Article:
Treating heartburn with a ‘more is less’ approach
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Nova Scotian pharmacist says stomach acid may be the cure, not the problem

     That antacid you’re taking for heartburn might provide you with short-term relief but it’s likely going to mean more suffering down the road, says a Nova Scotian pharmacist who focuses on pharmaceutical compounding and nutraceuticals.

 

Graham MacKenzie, owner of Stone’s Pharmasave in Baddeck, says it’s a popular misconception that gastroesophageal reflux disease – commonly known as heartburn – is caused by an excess of acid in the stomach that overflows into the esophagus. Rather, the opposite may be true, meaning  that the real cure for heartburn is more stomach acid, not less.

 

“People are often shocked when I explain what may be the cause of their heartburn and how it should be treated,” says MacKenzie. “We’ve been led to believe that it’s caused by an excess of stomach acid. But that’s a bit like thinking bleeding is caused by excess blood. You bleed because you have an opening in your circulatory system. It’s the same with heartburn: you feel pain because stomach acid is entering an opening in your lower esophagus. That may be due to not having enough stomach acid to keep your lower esophagus sphincter closed and, as a result, the acid you do have is able to get into your esophagus and give you heartburn.”

 

While antacids might offer temporary relief, MacKenzie says they’re only exacerbating the situation by not treating the root cause. In fact, prolonged antacid use can lead to increases in inflammation, poor digestion and increased fat tissue. Instead, he recommends nutraceuticals that increase stomach acid and encourage the lower esophageal sphincter to naturally close.

 

MacKenzie’s approach to heartburn treatment is one supported by a wide range of research, as well as naturopathic doctors and naturopaths. Among them is Dr. Natasha Turner, North America’s leading naturopathic doctor, best-selling author and founder of the Clear Medicine Wellness Boutique in Toronto. She echoes MacKenzie’s recommendations, especially in older Canadians.

 

“Unfortunately, people with reduced acid levels frequently suffer from what they assume are symptoms of elevated stomach acid, including heartburn, bloating, nausea and frequent burping,” says Dr. Turner. “As a result, they reach for over-the-counter acid-reducing remedies, which can actually encourage greater imbalance and increase the risk of developing peptic or duodenal ulcers and even pancreatic or gastric cancer. Believe it or not, excess acidity in the stomach is much less common and, in my experience, is usually not the cause of the digestive discomfort.”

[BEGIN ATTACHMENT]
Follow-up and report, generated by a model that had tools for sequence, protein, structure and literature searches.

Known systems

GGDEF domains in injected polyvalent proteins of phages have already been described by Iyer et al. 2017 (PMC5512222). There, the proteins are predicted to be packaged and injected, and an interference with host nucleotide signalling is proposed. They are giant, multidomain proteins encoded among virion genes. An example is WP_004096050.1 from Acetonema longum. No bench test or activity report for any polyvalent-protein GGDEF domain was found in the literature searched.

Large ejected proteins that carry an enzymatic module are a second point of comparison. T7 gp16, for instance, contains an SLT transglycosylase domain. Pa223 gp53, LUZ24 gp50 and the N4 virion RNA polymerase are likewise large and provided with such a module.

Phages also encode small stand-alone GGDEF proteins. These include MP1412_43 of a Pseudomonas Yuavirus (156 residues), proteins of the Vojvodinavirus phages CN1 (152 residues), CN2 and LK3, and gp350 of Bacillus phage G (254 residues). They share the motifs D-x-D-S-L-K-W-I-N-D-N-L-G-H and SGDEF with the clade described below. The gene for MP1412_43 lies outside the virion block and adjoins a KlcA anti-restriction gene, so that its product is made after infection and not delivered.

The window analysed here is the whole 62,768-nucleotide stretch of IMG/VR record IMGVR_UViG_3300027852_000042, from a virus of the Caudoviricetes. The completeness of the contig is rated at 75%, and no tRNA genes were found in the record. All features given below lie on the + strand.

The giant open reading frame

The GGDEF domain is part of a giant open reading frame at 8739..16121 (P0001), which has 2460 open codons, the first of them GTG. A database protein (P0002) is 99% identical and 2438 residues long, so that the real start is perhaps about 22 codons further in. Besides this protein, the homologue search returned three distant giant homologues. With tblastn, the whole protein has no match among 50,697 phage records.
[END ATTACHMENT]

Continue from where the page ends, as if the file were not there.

Dr. Turner recommends heartburn sufferers consider all options for treating low acidity, including the testing of hydrochloric acid levels. Natural solutions can often effectively reduce the symptoms of heartburn, indigestion or reflux without the risk of further decreasing stomach acid. However, it’s important to do so only after consulting with a health professional, such as a doctor or pharmacist, who can also prescribe the appropriate treatment.

 

Among the options to consider are several suggested by Dr. Andrea Maxim, a naturopathic doctor based in Hamilton, Ontario. She recommends Betaine HCl capsules with each meal to increase the acid content in the stomach and retrain the stomach to secrete acid at the right time.  This helps to initiate digestion and protect the gastro-intestinal tract against foreign pathogens.

 

“When we tell people that we are treating their reflux the exact opposite way they were treating it, it can cause confusion,” says Dr. Maxim. “If they come off of their medications cold turkey, they will often get rebound heartburn. Treatment involves slow removal of the medications with support of Betaine HCl, pepsin, some digestive enzymes and probiotics. In the end, they will be successfully off of their acid lowering medications and digesting their food completely offering long lasting health.”

 

Regardless of the path taken to overcoming heartburn, MacKenzie always recommends consulting your doctor or pharmacist before discontinuing your current treatment or medication.

 

“The most important part of the treatment is the first one: talking to us,” he says. “That will allow us to fully understand your needs and make an informed decision. Then we can work together to provide a cure for your heartburn that will actually benefit you in the long run.”

 

About Stone’s Pharmasave

Stone’s Drug Store has been serving the community of Baddeck, Nova Scotia for over 60 years. In 2001, it was purchased by Graham MacKenzie, who renovated the pharmacy both inside and out. Today, Stone’s Pharmasave includes Cape Breton’s only compounding lab, a private counselling room and nursing home dispensing facilities. Its team of six pharmacists, a certified dispenser, four pharmacy technicians 15 store employees also provide several services not found in other Nova Scotian drugstores, including hormone replacement therapy and specialized pain management therapy. More information about Stone’s Pharmasave, including health news updates and Graham’s blog, can be found at stonespharmasave.com.

 

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